Why trying to be a 'Strong Black Woman' makes it harder to cope with mental illness

Angelica Jade Bastién tells the story of her mental illness. (Photo: Getty Images, design by Quinn Lemmers for Yahoo Lifestyle)

What does it mean to be black today? For Black History MonthYahoo Lifestyle will explore this question in wide-ranging personal essaysvideo features, and Q&As that focus on the nuances of black culture. In this personal essay, writer Angelica Jade Bastién tells the story of her mental illness and how it’s been complicated by the “Strong Black Woman” archetype. 

In late November 2017, just as the air grew crisp in Chicago and jack-o-lanterns still lined the streets, I was institutionalized in the wake of a suicide attempt.

This was not my first hospitalization. At ages 13 and 17, I had found myself in similar circumstances. But at 28, such an event had an even bigger effect, a profoundly destabilizing effect — the wave of its impact far wider than any I had previously known. Months later, I am still mired in recovery, still parsing out the circumstances that led to my hospitalization.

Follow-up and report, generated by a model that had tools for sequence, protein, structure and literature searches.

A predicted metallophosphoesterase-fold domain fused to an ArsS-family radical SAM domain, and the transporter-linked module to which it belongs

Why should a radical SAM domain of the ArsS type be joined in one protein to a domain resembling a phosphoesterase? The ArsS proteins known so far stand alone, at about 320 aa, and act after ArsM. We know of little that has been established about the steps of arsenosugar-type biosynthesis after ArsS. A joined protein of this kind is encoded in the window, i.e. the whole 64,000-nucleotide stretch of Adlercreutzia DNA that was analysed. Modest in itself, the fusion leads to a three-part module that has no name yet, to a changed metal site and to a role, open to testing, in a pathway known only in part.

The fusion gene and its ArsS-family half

Much of what happened remains bundled into emotions I haven’t fully untangled, but what I do know is this: Outside help pulled me through. My friends and colleagues rallied around me, and it was they who, the day after I tried to take my own life, were able to connect me with the executive director of the Chicago branch of the National Alliance on Mental Illness. She stayed with me on the phone throughout that afternoon and ultimately accompanied me to the hospital where I planned to get a psychiatric referral. In that day after I had been trying to die, her voice was my tether to reality.